longtailed skipper (Urbanus proteus)

 

 

 

 

 

 

 

 

 

 

 

 

 

 

 

 

 

 

 

CONFIRMATION STATUS: Confirmed.


FAMILY: Skippers (Hesperiidae)
SUBFAMILY: Spread-wing Skippers (Pyrginae)


IDENTIFICATION: Tails are long. Upperside is dark blackish brown;
body and wing bases are iridescent blue-green. Males have a costal fold
enclosing scent scales on the leading edge of the forewing. Dark row on
underside of hindwing is a complete band.


LIFE HISTORY: Adults roost upside down under leaves and limbs. To
seek females, males perch 3-6 feet above the ground in sunlit openings.
Females lay eggs under leaves in clusters of up to 20. Caterpillars feed
on leaves and live in shelters of rolled leaves.


FLIGHT: Two to three broods throughout the year in south Florida and
South Texas.


WING SPAN: 1 3/4 - 2 5/16 inches (4.5 - 6 cm).


CATERPILLAR HOSTS: Vine legumes including various beans
(Phaseolus), hog peanuts (Amphicarpa bracteata), beggar's ticks
(Desmodium), blue peas (Clitoria), and wisteria (Wisteria).


ADULT FOOD: Flower nectar from a variety of plants including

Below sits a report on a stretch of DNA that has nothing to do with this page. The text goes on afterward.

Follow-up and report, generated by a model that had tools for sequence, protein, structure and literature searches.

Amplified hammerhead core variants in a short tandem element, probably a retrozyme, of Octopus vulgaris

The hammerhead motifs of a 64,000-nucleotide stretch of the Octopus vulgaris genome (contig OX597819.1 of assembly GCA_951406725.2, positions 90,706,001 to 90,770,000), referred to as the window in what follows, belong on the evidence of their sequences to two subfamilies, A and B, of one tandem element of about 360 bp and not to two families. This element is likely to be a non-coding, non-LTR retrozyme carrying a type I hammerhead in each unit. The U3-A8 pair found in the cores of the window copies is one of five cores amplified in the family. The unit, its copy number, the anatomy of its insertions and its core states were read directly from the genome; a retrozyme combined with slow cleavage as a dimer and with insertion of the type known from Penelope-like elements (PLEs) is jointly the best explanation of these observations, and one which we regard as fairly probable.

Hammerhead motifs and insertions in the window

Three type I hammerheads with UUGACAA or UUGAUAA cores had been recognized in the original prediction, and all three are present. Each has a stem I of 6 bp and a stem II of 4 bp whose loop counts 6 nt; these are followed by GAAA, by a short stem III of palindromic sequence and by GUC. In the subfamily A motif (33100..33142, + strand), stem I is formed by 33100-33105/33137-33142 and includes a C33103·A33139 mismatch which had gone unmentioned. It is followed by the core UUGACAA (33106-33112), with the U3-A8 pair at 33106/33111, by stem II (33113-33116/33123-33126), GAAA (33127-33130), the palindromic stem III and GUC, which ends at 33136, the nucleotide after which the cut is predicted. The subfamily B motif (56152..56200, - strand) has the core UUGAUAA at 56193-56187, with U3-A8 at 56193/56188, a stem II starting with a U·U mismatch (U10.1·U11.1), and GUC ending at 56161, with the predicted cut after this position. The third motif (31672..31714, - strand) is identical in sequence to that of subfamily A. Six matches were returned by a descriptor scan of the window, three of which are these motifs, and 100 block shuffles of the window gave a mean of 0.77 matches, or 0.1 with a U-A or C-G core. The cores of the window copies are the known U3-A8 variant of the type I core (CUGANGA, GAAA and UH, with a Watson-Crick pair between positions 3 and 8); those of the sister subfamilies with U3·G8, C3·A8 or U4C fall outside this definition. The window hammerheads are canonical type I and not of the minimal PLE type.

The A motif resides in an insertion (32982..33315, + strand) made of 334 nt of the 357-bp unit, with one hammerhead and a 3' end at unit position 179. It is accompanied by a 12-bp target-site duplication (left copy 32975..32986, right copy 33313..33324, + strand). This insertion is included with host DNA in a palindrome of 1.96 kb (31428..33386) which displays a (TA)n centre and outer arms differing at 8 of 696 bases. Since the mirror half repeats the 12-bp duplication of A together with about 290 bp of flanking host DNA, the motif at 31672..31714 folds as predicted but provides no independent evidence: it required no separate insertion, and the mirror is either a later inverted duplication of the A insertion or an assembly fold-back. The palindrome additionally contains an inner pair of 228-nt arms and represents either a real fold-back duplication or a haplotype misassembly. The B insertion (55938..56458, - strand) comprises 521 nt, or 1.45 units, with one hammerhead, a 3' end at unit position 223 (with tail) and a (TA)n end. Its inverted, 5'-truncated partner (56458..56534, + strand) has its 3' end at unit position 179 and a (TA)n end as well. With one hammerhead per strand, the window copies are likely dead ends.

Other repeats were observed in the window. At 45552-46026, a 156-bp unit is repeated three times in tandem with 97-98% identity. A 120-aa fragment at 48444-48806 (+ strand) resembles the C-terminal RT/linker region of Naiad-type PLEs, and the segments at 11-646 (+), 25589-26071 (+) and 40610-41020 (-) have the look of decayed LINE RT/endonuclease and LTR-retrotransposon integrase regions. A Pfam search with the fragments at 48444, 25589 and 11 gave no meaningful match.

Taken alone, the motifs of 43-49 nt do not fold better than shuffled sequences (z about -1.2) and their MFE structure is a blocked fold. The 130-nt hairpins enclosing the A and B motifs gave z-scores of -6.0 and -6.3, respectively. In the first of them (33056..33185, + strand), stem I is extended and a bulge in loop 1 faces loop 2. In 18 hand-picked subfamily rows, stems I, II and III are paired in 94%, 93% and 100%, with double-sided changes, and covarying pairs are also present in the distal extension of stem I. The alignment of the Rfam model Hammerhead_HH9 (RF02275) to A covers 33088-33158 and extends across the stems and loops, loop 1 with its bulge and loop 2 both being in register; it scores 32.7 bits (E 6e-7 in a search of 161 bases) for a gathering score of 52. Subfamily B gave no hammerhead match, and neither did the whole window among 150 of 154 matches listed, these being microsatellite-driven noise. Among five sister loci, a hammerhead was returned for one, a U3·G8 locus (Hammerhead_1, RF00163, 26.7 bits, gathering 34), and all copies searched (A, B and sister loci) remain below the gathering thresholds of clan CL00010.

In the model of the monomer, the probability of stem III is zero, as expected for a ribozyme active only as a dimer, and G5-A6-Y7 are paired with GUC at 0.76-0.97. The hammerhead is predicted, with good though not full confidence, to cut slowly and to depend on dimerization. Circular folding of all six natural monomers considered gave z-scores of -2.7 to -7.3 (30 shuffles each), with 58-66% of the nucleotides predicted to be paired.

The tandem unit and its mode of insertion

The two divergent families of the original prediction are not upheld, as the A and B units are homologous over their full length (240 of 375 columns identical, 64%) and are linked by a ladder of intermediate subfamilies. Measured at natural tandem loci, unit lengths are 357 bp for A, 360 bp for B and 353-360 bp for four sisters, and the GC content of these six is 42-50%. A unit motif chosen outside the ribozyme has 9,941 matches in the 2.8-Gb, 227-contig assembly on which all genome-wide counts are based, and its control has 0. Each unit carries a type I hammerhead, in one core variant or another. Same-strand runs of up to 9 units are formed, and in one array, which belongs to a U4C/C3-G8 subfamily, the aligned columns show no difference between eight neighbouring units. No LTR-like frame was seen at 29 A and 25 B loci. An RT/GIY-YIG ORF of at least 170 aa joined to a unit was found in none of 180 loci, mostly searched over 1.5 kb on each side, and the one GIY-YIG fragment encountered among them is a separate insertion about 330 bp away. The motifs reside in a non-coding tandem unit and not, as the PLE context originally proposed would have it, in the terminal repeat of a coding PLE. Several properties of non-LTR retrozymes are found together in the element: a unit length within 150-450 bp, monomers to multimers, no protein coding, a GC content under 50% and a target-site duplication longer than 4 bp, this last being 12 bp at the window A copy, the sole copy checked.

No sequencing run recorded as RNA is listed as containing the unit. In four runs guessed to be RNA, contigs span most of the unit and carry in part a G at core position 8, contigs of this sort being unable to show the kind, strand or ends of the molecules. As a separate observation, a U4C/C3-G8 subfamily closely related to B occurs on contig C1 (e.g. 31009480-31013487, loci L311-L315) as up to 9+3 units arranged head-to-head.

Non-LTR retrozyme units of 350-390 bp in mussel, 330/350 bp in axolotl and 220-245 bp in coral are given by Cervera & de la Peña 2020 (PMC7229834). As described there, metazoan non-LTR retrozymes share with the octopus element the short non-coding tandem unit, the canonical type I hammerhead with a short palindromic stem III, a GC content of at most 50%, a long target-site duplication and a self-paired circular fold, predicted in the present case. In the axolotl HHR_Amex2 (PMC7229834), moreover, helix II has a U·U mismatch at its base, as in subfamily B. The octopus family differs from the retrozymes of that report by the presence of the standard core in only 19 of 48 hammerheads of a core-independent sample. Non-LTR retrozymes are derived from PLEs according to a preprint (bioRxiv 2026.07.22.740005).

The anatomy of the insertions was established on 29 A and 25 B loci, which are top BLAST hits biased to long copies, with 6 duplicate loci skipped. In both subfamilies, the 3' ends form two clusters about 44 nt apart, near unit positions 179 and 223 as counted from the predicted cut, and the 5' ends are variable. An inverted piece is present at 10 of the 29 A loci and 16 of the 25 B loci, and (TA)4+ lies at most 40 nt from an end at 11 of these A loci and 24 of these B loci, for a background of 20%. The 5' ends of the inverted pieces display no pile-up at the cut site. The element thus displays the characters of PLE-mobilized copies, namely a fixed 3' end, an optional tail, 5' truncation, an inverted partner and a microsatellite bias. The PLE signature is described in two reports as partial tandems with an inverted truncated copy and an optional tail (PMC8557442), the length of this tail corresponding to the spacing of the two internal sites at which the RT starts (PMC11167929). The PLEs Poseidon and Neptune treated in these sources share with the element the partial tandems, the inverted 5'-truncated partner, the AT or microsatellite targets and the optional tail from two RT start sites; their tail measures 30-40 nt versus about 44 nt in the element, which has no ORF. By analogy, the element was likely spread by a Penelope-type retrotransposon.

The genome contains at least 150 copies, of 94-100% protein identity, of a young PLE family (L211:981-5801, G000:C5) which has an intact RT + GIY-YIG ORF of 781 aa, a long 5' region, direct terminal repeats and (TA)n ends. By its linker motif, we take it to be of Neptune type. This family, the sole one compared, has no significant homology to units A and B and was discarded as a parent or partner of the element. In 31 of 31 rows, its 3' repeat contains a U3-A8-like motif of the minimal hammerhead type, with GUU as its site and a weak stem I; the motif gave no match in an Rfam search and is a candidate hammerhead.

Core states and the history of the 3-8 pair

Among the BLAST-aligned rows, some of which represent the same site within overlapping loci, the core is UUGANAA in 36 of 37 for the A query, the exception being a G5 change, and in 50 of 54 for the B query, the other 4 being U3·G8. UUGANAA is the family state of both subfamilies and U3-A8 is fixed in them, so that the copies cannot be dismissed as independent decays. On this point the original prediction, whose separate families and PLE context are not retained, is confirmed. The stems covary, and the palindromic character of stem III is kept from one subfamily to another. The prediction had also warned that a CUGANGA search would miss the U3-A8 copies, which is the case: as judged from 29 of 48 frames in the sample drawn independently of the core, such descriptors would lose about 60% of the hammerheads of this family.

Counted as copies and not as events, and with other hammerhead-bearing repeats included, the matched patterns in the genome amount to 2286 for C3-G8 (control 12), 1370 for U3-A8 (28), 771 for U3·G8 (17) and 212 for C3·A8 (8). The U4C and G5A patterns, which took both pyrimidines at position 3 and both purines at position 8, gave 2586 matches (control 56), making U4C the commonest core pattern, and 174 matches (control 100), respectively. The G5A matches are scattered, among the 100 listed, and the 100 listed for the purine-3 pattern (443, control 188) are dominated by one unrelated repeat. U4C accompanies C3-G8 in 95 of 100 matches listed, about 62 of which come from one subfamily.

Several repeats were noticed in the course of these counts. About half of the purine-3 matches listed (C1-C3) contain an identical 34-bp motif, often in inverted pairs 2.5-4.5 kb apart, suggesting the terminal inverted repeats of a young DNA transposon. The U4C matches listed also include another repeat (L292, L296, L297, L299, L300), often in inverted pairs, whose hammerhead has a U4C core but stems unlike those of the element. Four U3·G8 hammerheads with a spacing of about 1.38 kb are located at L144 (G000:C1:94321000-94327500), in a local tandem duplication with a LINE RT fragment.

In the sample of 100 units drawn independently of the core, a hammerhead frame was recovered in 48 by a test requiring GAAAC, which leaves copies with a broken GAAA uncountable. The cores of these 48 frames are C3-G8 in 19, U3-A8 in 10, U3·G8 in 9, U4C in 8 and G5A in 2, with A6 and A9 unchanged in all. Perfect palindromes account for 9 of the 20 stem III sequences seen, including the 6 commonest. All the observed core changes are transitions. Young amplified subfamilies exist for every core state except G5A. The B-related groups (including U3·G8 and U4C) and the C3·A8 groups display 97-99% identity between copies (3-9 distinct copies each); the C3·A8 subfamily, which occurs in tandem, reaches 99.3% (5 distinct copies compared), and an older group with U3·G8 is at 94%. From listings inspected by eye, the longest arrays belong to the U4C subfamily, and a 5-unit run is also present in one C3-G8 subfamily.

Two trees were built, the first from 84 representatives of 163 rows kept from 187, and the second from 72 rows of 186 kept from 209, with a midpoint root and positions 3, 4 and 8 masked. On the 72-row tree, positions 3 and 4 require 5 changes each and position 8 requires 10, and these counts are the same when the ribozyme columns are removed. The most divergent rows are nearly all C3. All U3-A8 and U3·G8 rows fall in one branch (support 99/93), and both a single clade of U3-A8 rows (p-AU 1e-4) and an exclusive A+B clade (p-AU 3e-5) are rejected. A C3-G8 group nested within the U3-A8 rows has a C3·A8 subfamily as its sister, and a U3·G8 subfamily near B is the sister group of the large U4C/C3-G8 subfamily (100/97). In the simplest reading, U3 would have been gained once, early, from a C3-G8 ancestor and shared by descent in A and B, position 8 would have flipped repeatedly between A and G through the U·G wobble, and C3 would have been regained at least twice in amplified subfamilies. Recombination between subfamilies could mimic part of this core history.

bougainvillea, lantana, and shepherd's needle.


HABITAT: Brushy fields, edges of woods, gardens, and other disturbed
open habitats.


RANGE: Argentina north through Central America, the West Indies, and
Mexico to peninsular Florida and South Texas. Occasionally strays and
colonizes north to Connecticut, southern Illinois, eastern Kansas, southern
Arizona, and southern California.


CONSERVATION: Not usually required.


NATURESERVE GLOBAL STATUS: G5 - Demonstrably secure
globally, though it may be quite rare in parts of its range, especially at the
periphery.


MANAGEMENT NEEDS: Urbanus proteus caterpillars are sometimes
pests on snap beans.


SKY MEADOWS OCCURRENCE:

 

Note: Due to seasonal conditions in this region, occurrence may vary from

year to year. The designation of occurrence may range over two or more

categories and may vary even during a single season.

 

Key to Checklist

A   Abundant: Easy to see very large numbers of individuals in appropriate habitat
      at proper time of year.
C   Common: Usually each to see good numbers of individuals in appropriate habitat
      at proper time of year.
U   Uncommon: Sometimes found in appropriate habitat and proper time of year,
      usually in low numbers.
O   Occasional: Found in appropriate habitat perhaps only a few times a year, usually
      in low numbers.

R   Rare: Small chance of being found, even in appropriate habitat at proper time of
      year. There are few individuals and may not be present every year.
X   Extirpated: Formerly present, no longer occurs in Sky Meadows Park.

 

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Back to Inventory of Butterfly Families and Species

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